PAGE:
Rhetoric & Writing at BGSU
Rhetoric & Writing Notes - Spring 2004
Issue Nine: Spring 2004
New Journals List in the R&W Program Website
During the Spring 2004 semester, ten R&W Ph.D. students in the Scholarly Publishing seminar worked to develop an extensive listing of courses in rhetoric and composition studies. Work on the project helped students develop familiarity with the range of journals serving or related to our broad and complex field. But it also resulted in one of the most comprehensive lists of journals and web links--readily available to scholars and students in the website of the Rhetoric & Writing Ph.D. Program www.bgsu.edu/departments/english/rcweb/rchome.htm; just click the Journals button at the bottom of the left-side of the page.
The students responsible for the new R&W Ph.D. Program Journals List are
Richard Colby, Heather Fester, Brennan Thomas, Alex Chege, Justin Felix, Alec Fleschner, Robin Murphy, Rebekah Shultz, Eric Stalions, and Thai Tran. Their approach was to list journal titles as live web links, and to group journals in several broad categories: Journals of Rhetoric and Composition, Related Journals in Education, Language, and Literacy, Related Journals in Communication and Technical Writing, Related Journals in Cultural and Literary Studies, and NCTE State and Regional Journals.
Liz Monske Takes Louisianna Job
Advanced R&W Ph.D. student Liz Monske has accepted a tenure-track Assistant Professor position in English at Louisiana Tech University beginning with the Fall Quarter of 2004. Liz will be responsible for teaching introductory and upper level technical communication courses for their undergraduate technical writing major and Master's degree in English. In addition to teaching, the department also expects that she will develop curriculum for the technical communication program as well as working with other departments on campus, specifically the Natural Sciences and Engineering, to set up contacts for student technical writing internships.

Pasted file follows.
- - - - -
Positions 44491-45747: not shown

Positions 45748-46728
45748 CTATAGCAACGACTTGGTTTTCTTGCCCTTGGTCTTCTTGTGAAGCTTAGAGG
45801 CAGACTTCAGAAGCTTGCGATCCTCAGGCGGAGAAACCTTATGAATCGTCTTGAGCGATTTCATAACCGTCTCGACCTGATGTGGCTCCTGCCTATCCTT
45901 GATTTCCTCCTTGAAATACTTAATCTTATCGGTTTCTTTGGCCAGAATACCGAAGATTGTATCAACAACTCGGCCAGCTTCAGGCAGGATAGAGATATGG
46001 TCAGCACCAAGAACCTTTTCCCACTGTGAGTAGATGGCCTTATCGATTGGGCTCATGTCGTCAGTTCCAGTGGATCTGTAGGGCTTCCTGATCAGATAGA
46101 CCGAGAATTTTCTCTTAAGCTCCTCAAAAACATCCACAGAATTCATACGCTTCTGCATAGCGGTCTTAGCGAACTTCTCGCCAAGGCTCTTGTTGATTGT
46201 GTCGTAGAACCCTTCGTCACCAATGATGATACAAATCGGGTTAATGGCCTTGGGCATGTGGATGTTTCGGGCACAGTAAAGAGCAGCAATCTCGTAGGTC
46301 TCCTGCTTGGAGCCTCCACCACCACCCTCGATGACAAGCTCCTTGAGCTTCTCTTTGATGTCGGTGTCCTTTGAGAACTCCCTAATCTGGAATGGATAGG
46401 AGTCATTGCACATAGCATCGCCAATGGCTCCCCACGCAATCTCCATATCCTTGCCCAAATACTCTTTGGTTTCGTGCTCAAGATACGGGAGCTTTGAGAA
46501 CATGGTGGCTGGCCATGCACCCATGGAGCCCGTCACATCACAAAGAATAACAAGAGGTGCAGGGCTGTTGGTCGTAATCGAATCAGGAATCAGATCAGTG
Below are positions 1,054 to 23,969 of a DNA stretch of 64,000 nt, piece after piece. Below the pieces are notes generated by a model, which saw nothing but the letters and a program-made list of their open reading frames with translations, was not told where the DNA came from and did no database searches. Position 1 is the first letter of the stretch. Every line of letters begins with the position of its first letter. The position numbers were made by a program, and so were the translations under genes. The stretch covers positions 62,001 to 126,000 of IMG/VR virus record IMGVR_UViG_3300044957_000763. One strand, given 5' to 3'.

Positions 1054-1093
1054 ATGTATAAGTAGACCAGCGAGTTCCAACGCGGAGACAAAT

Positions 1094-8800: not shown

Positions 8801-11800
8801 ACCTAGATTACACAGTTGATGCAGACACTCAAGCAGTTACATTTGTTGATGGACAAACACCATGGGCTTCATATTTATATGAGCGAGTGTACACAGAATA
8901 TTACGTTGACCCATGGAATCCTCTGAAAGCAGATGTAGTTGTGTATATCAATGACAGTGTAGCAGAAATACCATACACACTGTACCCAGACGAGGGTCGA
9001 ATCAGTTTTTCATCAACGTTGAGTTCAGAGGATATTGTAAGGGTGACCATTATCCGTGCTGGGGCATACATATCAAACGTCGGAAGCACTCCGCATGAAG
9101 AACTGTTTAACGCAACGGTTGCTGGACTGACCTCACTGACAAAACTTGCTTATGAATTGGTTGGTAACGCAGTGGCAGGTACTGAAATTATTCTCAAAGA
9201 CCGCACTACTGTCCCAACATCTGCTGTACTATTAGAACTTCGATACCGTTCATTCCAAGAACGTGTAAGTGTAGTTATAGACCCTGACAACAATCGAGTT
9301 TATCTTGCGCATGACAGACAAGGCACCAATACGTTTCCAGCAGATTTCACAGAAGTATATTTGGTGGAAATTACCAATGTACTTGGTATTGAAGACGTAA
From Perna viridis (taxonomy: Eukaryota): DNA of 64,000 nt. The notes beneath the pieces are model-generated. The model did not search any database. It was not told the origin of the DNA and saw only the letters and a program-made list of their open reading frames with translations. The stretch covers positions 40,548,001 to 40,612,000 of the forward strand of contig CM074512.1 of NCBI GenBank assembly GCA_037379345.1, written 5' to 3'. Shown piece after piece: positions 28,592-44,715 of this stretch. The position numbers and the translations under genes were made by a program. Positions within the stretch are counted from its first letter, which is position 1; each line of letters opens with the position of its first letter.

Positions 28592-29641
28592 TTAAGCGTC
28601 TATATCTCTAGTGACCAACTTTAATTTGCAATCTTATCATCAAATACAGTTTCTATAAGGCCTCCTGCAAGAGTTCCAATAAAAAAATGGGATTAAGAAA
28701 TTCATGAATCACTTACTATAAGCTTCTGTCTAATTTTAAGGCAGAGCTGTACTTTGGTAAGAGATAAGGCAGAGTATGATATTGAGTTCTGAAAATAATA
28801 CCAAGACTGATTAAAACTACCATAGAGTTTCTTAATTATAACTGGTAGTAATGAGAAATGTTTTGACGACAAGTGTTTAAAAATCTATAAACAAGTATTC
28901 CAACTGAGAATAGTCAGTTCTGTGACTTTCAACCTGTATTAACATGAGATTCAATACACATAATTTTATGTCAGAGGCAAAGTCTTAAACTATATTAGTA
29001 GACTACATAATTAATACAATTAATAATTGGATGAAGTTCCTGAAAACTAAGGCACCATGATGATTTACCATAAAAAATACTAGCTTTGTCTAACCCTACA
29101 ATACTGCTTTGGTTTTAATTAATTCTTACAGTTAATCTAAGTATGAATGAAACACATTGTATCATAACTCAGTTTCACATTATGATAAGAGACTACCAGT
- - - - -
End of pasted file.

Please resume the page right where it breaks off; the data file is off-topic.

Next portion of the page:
Our program’s alumni have also volunteered information about themselves, their current teaching positions and previous conference appearances, publications, and awards. (Note: Alumni are listed in alphabetical order below.)
Kitty S. C. Burroughs
Graduation Date: December 1998
Current Position/Job: Full-time Instructor; Bowling Green State University
Publications and Conference Papers include: “Threat to Communal Identities: Interpreting the Audience as ‘It’ and ‘We.’” 2001; "The Visible/Invisible Job Search: Specializations and Their Impact on Marketing Oneself as a Rhetoric Ph.D." 1999; Conference of the Rhetoric Society of America, 1998. Conference in Peer Tutoring in Writing, 1993.
Graduation Date: August 1999
Current Position: Assistant Professor, Department of Language and Literature, Cedarville University
Conference Presentations include: The Romance of Faith: A Conference on the Fiction, Drama, and Theology of Dorothy L. Sayers. Grove City College. Grove City, PA. October28, 2000. Paper title: "Means and Ends: Loving the Word in The Lost Tools of Learning"; Mideast Conference on Christianity and Literature. Bluffton College, October 17-18, 2003/ Paper title: "Common Grace: A Shared Perspectivefor J. R. R. Tolkien and Flannery O'Connor"
Awards: Faculty Scholarship Grant, Summer 2003
Graduation Date: 1999
Current Position/Job: Assistant Professor of Humanities and Writing, Penn State Capital College
Publications and Conference Papers: "Digital Recording Technology in the Writing Classroom: Sampling As Citing." The Writing Instructor. 2004; "Community, Spirituality, and the Writing Classroom" JAEPL (Journal of the Assembly for Expanded Perspectives on Learning). (2003/4): 79-86. Peer Reviewed; "Imperfection: The Will-to-Control and the Struggle of Letting Go." JAEPL (Journal of the Assembly for Expanded Perspectives on Learning) 7 (2001/2): 1-9. Peer Reviewed; Conference on College Composition and Communication San Antonio, Texas, March 2004. "Community Matters: Their Citizenry and Boundaries" ;Conference on College Composition and Communication San Antonio, Texas, March 2004. "Discovering our Teaching Selves: Teaching as Suffering."; Conference on College Composition and Communication Chicago, Illinois, March 2002. "On the Streets Where We Live: Residing in the Gaps"; Conference on College Composition and Communication Denver, Colorado, March 2001. "Staying Connected: A Community of Ex-Grad Colleagues Gone Professional--Learning How to Teach Teachers on the Job"